In most cases, there is only one significant protection for the accused used in the investigatory system. This is the forensic interview. In its most basic form, a forensic interview is a single recorded interview with the child with a trained forensic interviewer. The techniques vary with age, but are designed to show the veracity of the child’s situation or inconsistencies in the allegations. This is done by addressing the “incident” with the child in a non-leading way. Generically, the questions posed by a forensic interviewer are framed “what happened?” not “did this happen?”.

Forensic interviews are normally observed by representatives of the agency charged with protecting children, such as DCS and/or law enforcement. You have no input into the forensic process and how the representatives of the government act on assessing the credibility of the child’s story from the forensic interview. Correctly performed, a forensic interview may significantly aid in the allegation being “unsubstantiated” or result in a short criminal investigation with the case closed. However, forensic interviews have many limitations that may not detect false allegations.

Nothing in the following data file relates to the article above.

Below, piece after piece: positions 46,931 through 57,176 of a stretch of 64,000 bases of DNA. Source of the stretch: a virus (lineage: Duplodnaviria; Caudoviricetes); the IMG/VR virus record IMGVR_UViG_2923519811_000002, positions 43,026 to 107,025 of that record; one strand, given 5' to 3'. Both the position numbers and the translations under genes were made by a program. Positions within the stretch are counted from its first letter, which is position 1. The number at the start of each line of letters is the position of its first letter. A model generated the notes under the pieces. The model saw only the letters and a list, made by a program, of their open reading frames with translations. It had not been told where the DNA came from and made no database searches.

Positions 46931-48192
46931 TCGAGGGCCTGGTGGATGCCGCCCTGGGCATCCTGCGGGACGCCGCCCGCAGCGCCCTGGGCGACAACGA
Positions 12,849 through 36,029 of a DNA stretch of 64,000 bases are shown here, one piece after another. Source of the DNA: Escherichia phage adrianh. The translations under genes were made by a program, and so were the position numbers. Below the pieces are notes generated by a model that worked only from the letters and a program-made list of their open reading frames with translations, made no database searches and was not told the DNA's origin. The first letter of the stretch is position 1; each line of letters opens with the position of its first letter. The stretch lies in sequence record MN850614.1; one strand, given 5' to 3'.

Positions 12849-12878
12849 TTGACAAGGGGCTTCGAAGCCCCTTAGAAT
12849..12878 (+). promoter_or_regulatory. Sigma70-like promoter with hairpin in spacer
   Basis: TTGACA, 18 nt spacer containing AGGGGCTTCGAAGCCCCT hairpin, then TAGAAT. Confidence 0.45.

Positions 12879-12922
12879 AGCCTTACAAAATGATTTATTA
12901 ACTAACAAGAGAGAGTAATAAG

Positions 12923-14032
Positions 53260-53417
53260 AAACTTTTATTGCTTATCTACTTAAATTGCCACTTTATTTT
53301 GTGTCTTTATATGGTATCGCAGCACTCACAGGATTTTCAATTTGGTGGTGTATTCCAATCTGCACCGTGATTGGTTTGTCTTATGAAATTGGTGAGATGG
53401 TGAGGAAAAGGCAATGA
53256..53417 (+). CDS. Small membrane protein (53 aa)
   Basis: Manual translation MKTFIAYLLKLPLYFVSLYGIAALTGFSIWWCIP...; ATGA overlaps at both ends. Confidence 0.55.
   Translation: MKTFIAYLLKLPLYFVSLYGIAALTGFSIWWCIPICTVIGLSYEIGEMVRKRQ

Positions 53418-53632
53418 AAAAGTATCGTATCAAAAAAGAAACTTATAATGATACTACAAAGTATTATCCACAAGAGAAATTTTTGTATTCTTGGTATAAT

When the forensic interview fails to sort out a false allegation, a prosecutor may just let the jury decide your fate. What you do before you get to a jury (or bench) trial may end the case or seal your fate. The same is true for a CHINS filing. How you respond may determine if there is a “true” fact-finding. A “true” finding and disposition may result in you being forced to participate in services or have your parental rights terminated.

Your only other protections are a skilled lawyer to navigate this legal landscape using your constitutional and other legal protections and rights. Make no mistake, you do not get a “do over” if you do not engage these rights to protect yourself. The take away is that innocent people are still forced through the DCS process of CHINS and/or criminally charged (and have a “true” CHINS fact-finding and/or be criminally convicted); this is the legal system we have all created and agree to abide by.